The worrying data suggests that one in eight people who have had Covid-19 are since diagnosed with their first psychiatric illness within six months of testing positive! There is also the long-lasting effects of anxiety, depression and insomnia that are becoming part of what is now known as “long-Covid”.

Recently analysis of date from long-covid sufferers is also showing a relation to onset of gastro-intestinal problems including IBS, IBD; Crohn’s disease and ulcerative colitis being triggered from Covid-19 infections and vaccinations. There have even been correlations made to pancreatitis, gastric ulcers and duodenal ulcers. The inflammation caused by the SARS-CoV-2 virus appears to be systemic and not just targeting the respiratory system. Many clients have asked for my help since noticing much worse symptoms since having Covid-19 or having the vaccination so there appears to be a direct link between the virus and inflammatory conditions.

The good news is that there is a lot we can do by working together, reducing inflammation, restoring gut health, there is not better time than now to take the health of our gut more seriously and do all that we can to protect our mental health.

Inflammation; fire in the belly?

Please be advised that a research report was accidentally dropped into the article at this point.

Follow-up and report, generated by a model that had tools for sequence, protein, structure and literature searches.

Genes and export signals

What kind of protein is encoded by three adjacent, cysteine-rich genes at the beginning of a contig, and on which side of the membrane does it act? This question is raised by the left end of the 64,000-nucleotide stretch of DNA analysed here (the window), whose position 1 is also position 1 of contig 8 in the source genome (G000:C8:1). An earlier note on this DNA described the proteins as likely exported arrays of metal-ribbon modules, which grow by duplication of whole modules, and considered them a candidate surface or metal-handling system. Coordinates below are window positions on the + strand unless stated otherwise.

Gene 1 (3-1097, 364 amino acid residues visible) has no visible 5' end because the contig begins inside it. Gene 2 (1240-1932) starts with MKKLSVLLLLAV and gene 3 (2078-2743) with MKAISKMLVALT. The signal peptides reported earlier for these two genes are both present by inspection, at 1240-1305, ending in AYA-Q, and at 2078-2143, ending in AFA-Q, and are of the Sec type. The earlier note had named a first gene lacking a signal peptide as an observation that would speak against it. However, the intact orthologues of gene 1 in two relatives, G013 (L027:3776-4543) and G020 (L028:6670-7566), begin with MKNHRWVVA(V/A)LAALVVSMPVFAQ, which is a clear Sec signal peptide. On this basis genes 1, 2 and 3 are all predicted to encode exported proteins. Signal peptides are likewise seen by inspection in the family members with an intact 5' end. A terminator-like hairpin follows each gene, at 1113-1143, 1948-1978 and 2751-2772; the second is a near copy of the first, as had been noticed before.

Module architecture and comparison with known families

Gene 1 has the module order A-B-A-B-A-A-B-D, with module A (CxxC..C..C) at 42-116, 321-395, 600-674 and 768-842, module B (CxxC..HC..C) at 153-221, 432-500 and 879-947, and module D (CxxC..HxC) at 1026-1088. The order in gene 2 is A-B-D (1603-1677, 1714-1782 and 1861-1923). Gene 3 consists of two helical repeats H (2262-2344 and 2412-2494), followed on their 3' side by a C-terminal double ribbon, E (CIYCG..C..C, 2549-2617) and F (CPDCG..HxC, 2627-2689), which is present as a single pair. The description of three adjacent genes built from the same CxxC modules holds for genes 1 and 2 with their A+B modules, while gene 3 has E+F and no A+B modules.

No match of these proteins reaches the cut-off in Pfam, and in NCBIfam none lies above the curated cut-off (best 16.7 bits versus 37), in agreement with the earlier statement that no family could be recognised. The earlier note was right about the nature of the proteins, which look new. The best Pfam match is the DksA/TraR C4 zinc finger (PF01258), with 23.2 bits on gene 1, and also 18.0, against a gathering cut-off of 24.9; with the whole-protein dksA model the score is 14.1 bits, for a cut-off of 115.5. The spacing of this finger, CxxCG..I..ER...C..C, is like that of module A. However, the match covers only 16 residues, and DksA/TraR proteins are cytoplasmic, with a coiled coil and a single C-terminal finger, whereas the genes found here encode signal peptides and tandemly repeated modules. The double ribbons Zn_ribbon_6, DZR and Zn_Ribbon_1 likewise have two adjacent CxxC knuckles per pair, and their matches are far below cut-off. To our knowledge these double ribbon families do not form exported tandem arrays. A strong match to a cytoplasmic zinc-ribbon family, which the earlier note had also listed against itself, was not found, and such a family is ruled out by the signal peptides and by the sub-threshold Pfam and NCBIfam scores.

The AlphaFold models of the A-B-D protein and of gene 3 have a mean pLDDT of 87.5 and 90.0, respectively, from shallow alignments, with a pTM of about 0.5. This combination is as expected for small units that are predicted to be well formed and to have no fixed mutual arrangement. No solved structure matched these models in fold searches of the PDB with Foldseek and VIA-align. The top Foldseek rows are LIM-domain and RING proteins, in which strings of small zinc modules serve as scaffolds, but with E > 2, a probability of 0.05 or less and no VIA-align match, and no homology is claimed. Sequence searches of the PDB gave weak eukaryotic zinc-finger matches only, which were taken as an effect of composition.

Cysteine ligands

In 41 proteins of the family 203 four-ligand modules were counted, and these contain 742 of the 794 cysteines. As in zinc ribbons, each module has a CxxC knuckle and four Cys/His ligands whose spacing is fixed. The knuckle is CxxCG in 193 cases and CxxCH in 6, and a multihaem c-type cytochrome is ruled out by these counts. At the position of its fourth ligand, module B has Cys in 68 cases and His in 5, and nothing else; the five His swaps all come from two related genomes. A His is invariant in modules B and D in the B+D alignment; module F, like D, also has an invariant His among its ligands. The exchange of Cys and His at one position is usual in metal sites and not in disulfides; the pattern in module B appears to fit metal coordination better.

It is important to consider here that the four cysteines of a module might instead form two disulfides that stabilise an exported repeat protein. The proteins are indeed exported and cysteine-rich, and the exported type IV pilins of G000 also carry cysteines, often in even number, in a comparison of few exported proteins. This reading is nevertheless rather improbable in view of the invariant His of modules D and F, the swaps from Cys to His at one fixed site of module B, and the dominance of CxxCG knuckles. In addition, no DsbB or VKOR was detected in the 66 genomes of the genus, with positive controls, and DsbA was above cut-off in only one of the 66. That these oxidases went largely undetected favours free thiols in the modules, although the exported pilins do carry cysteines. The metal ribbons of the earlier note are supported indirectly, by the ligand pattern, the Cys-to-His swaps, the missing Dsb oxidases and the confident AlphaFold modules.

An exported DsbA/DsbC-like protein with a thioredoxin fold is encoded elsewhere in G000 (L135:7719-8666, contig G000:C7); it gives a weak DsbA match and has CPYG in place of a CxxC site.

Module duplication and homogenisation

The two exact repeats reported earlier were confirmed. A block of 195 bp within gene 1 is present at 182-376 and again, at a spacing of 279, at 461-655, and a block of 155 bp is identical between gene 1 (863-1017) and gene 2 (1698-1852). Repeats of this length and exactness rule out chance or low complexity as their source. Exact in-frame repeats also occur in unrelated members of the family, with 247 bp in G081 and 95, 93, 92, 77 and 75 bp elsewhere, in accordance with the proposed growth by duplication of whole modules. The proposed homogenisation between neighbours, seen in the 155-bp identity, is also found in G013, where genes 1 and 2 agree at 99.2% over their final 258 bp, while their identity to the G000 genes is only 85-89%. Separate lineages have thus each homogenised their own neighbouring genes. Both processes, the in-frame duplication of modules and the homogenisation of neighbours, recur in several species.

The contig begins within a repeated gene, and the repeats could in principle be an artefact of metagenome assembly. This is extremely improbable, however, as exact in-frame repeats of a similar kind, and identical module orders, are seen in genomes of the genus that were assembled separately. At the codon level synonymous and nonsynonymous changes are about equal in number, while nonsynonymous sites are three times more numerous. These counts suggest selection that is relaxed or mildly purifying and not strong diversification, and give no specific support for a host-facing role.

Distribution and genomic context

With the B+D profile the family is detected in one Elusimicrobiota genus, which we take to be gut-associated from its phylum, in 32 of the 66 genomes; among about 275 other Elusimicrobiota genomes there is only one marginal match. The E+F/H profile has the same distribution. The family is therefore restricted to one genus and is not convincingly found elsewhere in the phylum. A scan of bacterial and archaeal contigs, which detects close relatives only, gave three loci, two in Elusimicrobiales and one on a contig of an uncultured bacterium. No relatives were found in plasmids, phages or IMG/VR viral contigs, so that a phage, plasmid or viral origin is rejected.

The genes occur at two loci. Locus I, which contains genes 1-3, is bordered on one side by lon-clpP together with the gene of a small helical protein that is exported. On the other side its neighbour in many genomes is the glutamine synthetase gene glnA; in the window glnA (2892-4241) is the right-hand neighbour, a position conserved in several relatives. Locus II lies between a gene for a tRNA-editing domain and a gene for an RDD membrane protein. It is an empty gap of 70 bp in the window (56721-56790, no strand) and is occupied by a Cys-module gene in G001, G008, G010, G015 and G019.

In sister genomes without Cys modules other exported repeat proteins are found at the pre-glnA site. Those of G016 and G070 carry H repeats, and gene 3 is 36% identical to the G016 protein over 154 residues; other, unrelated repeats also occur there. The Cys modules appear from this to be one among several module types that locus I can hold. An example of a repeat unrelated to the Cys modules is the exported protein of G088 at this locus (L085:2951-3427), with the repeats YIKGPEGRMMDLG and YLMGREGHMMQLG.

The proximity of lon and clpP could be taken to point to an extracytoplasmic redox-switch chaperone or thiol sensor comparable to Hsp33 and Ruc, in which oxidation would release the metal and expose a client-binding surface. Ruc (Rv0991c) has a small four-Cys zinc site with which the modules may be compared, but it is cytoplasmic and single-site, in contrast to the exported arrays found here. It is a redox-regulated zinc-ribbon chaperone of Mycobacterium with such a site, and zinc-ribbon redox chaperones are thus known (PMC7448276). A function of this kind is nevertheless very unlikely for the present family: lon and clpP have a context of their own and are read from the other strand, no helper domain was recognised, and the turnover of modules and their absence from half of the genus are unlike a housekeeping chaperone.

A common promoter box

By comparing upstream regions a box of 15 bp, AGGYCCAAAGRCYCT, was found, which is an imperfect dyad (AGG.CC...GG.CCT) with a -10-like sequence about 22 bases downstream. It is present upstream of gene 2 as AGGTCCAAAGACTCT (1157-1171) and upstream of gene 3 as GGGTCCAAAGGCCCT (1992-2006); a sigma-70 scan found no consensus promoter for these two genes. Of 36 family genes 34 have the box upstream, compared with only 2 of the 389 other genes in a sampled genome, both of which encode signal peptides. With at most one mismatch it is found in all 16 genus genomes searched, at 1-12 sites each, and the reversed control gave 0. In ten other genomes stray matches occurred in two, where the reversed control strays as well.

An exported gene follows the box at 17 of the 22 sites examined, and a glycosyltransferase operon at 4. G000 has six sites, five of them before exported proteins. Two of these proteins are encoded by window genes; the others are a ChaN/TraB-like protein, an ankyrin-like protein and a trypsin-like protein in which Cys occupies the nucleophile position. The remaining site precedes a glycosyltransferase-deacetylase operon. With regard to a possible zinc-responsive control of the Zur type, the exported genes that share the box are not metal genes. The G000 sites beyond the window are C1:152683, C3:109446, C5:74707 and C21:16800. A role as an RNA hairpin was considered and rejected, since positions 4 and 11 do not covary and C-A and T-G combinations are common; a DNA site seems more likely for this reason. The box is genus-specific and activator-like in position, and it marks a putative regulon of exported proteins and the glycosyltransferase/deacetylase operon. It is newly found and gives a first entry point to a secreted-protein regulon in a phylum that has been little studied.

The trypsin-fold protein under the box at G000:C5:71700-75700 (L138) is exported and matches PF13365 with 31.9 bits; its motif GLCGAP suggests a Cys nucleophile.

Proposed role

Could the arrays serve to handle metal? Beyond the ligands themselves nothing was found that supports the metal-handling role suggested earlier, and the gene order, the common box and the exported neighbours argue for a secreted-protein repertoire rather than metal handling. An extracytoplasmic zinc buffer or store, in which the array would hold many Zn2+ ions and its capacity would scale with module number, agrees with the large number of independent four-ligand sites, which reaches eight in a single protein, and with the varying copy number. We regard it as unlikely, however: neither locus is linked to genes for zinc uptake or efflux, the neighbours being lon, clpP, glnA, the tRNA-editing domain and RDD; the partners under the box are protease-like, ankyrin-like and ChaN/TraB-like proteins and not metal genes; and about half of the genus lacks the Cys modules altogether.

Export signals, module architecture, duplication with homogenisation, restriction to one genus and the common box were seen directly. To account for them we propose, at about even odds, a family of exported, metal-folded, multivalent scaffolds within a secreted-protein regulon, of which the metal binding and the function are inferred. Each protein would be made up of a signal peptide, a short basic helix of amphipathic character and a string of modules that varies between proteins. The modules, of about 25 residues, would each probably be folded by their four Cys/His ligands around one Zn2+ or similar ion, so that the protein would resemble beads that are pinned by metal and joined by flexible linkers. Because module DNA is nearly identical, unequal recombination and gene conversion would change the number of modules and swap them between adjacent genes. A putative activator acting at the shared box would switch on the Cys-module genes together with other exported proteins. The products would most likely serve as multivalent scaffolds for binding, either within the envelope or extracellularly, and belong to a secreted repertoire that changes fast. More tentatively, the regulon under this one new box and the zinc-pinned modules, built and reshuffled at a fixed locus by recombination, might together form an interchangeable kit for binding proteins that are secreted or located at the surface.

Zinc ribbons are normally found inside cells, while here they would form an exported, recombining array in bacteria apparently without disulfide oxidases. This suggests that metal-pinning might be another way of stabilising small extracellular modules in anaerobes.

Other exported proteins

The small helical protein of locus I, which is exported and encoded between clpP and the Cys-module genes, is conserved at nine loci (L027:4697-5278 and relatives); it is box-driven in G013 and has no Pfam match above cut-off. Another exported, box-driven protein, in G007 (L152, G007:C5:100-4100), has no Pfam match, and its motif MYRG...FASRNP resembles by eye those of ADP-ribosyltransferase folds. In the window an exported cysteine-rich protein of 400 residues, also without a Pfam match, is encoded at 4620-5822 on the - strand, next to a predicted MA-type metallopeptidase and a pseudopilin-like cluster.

The gut is host to 70% of our immunity; that means that our gastro-intestinal tube and all of the cells lining it protect us from anything we eat that may do us harm. The food we eat is broken down, digested and absorbed in the intestines where immune cells present in the mucosal cells lining the gut are primed ready to take action.

Pathogenic bacteria have a lipopolysaccharide coating (LPS) which can be recognised by our immune cells lining our gut which activates an inflammatory response.

It is the long-term activation of this immune response which can make brain functions change which finally lead to the kinds of mental disorders like anxiety disorder which I commonly see alongside IBS symptoms.

The gut-brain axis provides the perfect route to explain the commonality of anxiety and IBS. The positive news is that by making some simple dietary changes we are able to modulate and shape the gut microbiome into a healthy, happy balanced family of bacteria that can have a beneficial impact on mood, reducing anxiety symptoms. Find out more about improve your immune system through your gut here.

Gut health modification – everyone can do this!

The upshot is the gut microbiome can be modified through making some simple changes to diet and sometimes through probiotic supplementation.  The gut responds to these changes almost instantly and the entire gut lining is shed and replaced every 3-5 days, so you can have a new, healthier gut in just a matter of days. My belief is that the greatest effect is achieved by altering the diet to include food that directly helps to feed the gut microbiome to flourish in balance rather than relying on supplements alone and the key to longterm gut health is consistency.

However, when comparing results from a collection of scientific studies which looked at the effects of various probiotics Vs. dietary modifications  and anxiety symptoms, they all showed positive outcomes regardless of the intervention. The results also demonstrate that these kinds of modifications are easily achieved with a little guidance to get the right fit for you and are well worth a try with little or no (literally none that I could find) negative side effects.

Folate and Depression